A Trojan Horse’s Ass

As I understand the concept behind the editorial page policy of The Australian, they provide something for everyone, articles for people with sense, and then utter nonsense for those on the left. Which brings me to Troy Bramston’s column today: A LIAR, A FAILURE, A FOOL UNFIT FOR PURPOSE, the headline found in the paper but not online, proving beyond all need for further evidence that journalists may well be the people least fit to comment upon the news. In case you could not tell, his article is about Donald Trump.

My interest is always in reading critiques of beliefs that I hold myself, to see if my beliefs can stand up to what others have to say. Sadly, this was as empty as the worst of the worst anti-Trump rants you may ever read. And just to prove he wasn’t just ranting, he told us so himself, proving just how lacking in self-awareness he is:

This is not an anti-Trump rant.

What I have always sought but never found anywhere is a list of policy mistakes Donald Trump has made. Start with some kind of outcome that we might agree on as desirable, outline the policy adopted by the President, explain why it is wrong, and then outline what ought to be done instead. Alas, you will live a long time before coming across any such thing. Instead, all you will get are intemperate rants by ignorant fools who cannot marshal an argument.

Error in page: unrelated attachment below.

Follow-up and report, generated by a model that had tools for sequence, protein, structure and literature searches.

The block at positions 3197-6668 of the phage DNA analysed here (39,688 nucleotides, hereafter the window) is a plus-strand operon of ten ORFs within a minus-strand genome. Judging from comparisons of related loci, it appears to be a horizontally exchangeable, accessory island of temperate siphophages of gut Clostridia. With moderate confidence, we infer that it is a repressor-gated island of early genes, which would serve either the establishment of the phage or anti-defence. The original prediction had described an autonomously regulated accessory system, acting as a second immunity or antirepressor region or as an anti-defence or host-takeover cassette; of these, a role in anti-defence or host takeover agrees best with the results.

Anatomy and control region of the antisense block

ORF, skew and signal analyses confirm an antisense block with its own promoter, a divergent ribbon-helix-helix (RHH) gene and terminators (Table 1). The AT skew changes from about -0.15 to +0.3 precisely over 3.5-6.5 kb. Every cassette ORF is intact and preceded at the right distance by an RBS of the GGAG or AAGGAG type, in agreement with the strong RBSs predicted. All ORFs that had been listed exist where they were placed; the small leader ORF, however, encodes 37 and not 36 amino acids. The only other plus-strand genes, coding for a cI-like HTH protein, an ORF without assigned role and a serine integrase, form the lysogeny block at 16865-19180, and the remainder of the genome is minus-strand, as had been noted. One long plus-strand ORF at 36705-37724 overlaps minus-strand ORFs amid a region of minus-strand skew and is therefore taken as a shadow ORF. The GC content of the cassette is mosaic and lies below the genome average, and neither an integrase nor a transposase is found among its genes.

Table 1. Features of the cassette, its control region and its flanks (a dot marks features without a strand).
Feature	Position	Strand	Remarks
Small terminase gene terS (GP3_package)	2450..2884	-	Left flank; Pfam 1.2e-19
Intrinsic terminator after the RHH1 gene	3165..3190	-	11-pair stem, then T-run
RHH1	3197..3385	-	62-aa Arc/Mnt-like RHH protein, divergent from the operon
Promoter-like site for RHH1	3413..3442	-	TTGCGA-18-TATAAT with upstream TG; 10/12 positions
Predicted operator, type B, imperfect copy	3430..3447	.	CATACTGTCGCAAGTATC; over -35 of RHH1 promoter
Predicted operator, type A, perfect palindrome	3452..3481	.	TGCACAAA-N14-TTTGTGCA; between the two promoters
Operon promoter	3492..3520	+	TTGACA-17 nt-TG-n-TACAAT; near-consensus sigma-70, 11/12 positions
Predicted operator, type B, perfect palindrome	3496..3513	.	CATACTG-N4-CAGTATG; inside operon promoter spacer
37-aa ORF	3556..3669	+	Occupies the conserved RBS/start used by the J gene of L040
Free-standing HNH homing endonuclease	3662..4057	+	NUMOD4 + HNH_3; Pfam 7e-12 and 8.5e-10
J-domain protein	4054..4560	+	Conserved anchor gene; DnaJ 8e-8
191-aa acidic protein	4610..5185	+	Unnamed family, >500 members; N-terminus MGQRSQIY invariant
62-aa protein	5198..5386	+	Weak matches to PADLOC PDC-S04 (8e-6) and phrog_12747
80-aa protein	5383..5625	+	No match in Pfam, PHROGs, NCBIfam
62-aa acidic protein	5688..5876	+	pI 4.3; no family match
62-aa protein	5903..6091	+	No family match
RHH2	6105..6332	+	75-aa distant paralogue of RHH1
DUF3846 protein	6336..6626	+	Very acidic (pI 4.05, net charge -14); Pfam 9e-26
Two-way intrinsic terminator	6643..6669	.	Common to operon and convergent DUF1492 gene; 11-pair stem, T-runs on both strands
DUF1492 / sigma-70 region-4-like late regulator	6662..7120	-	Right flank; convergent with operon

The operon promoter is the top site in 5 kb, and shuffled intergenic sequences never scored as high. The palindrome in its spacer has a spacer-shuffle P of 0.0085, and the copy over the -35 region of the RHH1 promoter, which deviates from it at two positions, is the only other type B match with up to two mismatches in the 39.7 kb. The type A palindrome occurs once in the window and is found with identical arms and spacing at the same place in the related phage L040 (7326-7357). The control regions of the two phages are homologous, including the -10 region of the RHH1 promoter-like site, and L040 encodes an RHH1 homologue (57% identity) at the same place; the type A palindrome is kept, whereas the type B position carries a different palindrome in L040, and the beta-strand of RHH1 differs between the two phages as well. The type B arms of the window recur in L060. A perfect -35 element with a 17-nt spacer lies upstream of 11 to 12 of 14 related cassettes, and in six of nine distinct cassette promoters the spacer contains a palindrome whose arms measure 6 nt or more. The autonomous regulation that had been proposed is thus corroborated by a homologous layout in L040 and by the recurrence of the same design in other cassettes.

He begins with telling us how he has since childhood had an “obsession” with the American presidency and America’s presidents. Not proof of much other than that you might know their names, and could place Franklin Pierce in an ordered list. You can also see the kinds of people he must hang out with, all just like him:

Today, like most people, I look on with complete horror at ­Donald Trump’s disastrous presidency, which has diminished the office and damaged the reputation of the US. Trump is an utterly grotesque figure: a bully, a narcissist, a serial liar and a fool who is devoid of empathy. He is reckless and dangerous. He is completely out of his depth in the White House.

Trump has shattered the norms of presidential behaviour. There is not an ounce of dignity or grace within him. He shows no ­respect to almost everyone, including current and former staff, cabinet members, congressional Republicans and Democrats, governors, presidential predecessors and ­voters. There is no self-reflection or contrition, and he takes no responsibility for any of his actions or the lack of them.

Wow. That’s the usual inane list we get with people who have no clue whatsoever although somewhat more intemperate than the average. But aside from his rant on Donald Trump’s approach to dealing with the Chinese flu, there are zero specifics. Here is something that is utterly false as he starts rumbling through his charge sheet:

The full extent of Trump’s catastrophic presidency is evident in his response to the coronavirus pandemic. It is surely one of the greatest and gravest presidential failures. Trump ignored warnings about COVID-19, downplayed its impact and delayed acting. His belated response has been flawed. He blamed others. He misled people about the virus’s impact, and about testing and treatment. None of this can be disputed. Yet he calls the US response “a great success story”. He is not the trusted and reassuring leader needed in a crisis.

And then to show how out of it Trump is on dealing with the Chinese flu, he then says this: